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Reviewers: Tony Augarde [Editor], Steve Arloff, Nick Barnard, Pierre Giroux, Don Mather, Glyn Pursglove, George Stacy, Bert Thompson, Sam Webster, Jonathan Woolf



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SAMMY PRICE

Three Classic Albums Plus

Avid AMSC 1078

 

 

CD1
Barrelhouse, Boogie-Woogie and the Blues
1. Jumpin' on 57th
2. Sam's Pretty Blues
3. If I Could Be With You
4. Pete's Delta Bound
5. Jonah Whales Again
6. Stormy Weather
7. Walkin' and Shoutin' the Boogie
8. Please Don't Talk About Me When I'm Gone
9. Manhattan Blues
10. Rockin' the Rocket
11. Shakin' and Rattlin'
 
Sammy Price - Piano
Vic Dickenson - Trombone
Jonah Jones - Trumpet
Pete Brown - Alto sax
Milt Hinton - Bass
Cozy Cole - Drums
 
A Real Jam Session
12. Swingin' Paris Style
13. Blue Berry
14. Big Mouth Steve from Baltimore
15. USA Romp
 
Sammy Price - Piano
Emmett Berry - Trumpet
George Stevenson - Trombone
Herbie Hall - Clarinet
Pops Foster - Bass
Fred Moore - Drums


CD2
After Hours
1. Roll 'Em Sam
2. Kansas City Boogie Woogie Stomp
3. Boogie Cha-Cha
4. N'Orleans Blues
5. Levee
6. Saint's Boogie
7. Blue Drag
8. Honky Tonk Caboose
9. Pack up `n Boogie
10. Chicken Strut
11. Boogie Woogie Slop
12. Wee Hours
 
Sammy Price - Piano
Mickey Baker, Al Casey - Guitars
Al Lucas - Bass
Panama Francis - Drums
 
Sidney Bechet and Sammy Price Bluesicians
13. St. Louis Blues
14. Darktown Strutter's Ball
15. Back Home
16. Memphis Blues
17. Yes, We Have No Bananas
18. Dinah
19. Tin Roof Blues
20. Jazz Me Blues
 
Sammy Price - Piano
Sidney Bechet - Soprano sax
Emmett Berry - Trumpet
Herbie Hall - Clarinet
George Stevenson - Trombone
Pops Foster - Bass
Fred Moore - Drums
 
A Real Jam Session
21. Paris Lament
22. Janine Boogie
 
Personnel as for CD1, tracks 12-15
 

 

I didn't really pay much attention to Sammy Price until I heard him in the small group on Henry "Red" Allen's album Feeling Good (which I am still waiting for someone to reissue on CD). As the title of the first LP here suggests, Price could play barrelhouse, boogie-woogie and the blues, as well as stride piano and various other styles as well as singing (as he does on Sam's Pretty Blues), so that he was conceivably an orchestra in hinself.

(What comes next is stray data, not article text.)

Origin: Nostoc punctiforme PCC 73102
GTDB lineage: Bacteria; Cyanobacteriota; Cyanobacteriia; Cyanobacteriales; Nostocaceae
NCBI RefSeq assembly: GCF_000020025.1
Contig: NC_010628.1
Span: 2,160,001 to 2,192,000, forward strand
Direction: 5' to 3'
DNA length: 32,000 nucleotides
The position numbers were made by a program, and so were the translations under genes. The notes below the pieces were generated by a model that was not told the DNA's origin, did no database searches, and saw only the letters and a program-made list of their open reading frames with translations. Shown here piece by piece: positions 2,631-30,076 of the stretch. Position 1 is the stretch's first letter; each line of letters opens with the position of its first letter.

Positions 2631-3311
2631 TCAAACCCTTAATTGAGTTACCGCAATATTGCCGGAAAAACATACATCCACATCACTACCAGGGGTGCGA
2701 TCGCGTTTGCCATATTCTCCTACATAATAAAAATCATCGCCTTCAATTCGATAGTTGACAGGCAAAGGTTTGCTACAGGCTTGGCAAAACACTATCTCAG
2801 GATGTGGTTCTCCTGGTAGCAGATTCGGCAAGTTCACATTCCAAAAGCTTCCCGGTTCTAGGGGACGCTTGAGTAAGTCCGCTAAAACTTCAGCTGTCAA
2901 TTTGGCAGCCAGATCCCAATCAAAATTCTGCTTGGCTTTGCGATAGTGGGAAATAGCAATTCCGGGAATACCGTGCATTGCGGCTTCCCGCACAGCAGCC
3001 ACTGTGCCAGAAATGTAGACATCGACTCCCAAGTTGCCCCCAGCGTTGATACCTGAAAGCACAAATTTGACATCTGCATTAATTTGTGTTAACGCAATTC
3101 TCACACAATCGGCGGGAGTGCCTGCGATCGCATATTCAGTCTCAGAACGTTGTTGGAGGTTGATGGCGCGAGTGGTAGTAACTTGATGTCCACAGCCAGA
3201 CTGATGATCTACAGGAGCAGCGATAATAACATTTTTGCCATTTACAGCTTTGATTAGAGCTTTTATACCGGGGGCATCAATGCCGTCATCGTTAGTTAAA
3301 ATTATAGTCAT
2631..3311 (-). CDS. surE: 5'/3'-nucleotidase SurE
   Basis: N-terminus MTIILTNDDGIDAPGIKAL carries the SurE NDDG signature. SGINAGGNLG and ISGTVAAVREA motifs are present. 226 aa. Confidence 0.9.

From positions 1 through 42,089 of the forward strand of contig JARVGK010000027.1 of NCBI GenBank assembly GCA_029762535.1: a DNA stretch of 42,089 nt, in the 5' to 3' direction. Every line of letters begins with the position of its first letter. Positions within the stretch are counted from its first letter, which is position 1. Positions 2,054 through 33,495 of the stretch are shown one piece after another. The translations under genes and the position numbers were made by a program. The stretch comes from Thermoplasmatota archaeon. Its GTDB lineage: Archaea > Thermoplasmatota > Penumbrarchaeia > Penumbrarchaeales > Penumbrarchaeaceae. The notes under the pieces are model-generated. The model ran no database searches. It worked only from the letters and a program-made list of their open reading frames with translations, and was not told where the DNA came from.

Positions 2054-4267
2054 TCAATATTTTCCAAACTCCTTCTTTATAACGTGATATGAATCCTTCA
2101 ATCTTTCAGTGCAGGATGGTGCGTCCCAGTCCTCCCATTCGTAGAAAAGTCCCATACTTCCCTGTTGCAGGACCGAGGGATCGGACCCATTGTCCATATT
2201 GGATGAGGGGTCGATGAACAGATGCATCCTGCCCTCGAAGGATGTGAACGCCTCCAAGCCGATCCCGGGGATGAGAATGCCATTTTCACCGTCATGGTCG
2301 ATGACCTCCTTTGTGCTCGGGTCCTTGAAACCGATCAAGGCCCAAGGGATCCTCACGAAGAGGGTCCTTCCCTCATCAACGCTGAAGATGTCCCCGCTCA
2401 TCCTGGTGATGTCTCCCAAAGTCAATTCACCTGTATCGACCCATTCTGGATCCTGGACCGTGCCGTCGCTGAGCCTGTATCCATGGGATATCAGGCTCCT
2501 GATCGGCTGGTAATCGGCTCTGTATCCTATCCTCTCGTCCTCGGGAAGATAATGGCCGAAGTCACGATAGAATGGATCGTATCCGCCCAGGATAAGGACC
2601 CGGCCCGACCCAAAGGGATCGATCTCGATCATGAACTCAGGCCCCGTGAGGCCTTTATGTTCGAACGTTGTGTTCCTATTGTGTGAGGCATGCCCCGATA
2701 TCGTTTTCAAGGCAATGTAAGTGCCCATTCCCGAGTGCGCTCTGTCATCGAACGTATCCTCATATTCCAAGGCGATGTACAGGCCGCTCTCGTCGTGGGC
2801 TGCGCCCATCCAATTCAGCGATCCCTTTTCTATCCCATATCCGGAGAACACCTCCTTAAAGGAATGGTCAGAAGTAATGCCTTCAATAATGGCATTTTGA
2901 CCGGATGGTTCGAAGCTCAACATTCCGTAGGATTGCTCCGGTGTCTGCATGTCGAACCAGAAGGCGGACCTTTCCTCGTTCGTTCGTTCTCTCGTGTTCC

Tracks one to eleven illustrate a variety of styles. Jumpin' on 57th is virtually rock 'n' roll, while Sam's Pretty Blues is a simple blues featuring Sammy and If I Could Be With You is a Dixieland warhorse in which Vic Dickenson and Jonah Jones both growl on their instruments. Sammy's boogie piano is prominent in Walkin' and Shoutin' the Boogie. Jonah Jones and Pete Brown only appear on four of the eleven tracks, so that the main musicians are Price and Dickenson, who are spotlit in such numbers as Stormy Weather.

Some tracks from A Real Jam Session are spread across both CDs. It was recorded in Paris in 1955, with rather primitive sound quality, but it has the free-for-all atmosphere of a real jam session. Emmett Berry supplies outspoken trumpet to Blue Berry, which also contains some good examples of the way that Sammy Price could strum the piano as if it was a guitar. George Stevenson's gruff trombone is a highlight of Big Mouth Steve from Baltimore.

As After Hours only uses a quintet, I hoped it would provide more examples of Sammy Price's unmatched bluesy piano, but it turned out to consist mainly of rhythm-and-blues treatments of boogie-woogie tunes. The predominance of the blues makes for a rather samey session, although Boogie Cha-Cha has a Latin tinge. This LP seems to have been designed more for dancers than for listeners.

We return to real jazz with Sidney Bechet added to the musicians who appeared on A Real Jam Session. Bechet takes his fair share of solos and his unique vibrato carries all before it. The tunes are mostly old New Orleans favourites but the band's enthusiasm makes them sound fresh. One exception is the unexpected Yes, We Have No Bananas, a novelty song dating back to 1923. It is played jauntily, and Bechet's solo sticks close to the melody. Bechet supplies an impressive cadenza at the end of Tin Roof Blues.

Let's hope this double album introduces more listeners to Sammy Price's individual pianism, which deserves to be better known.

Tony Augarde
www.augardebooks.co.uk



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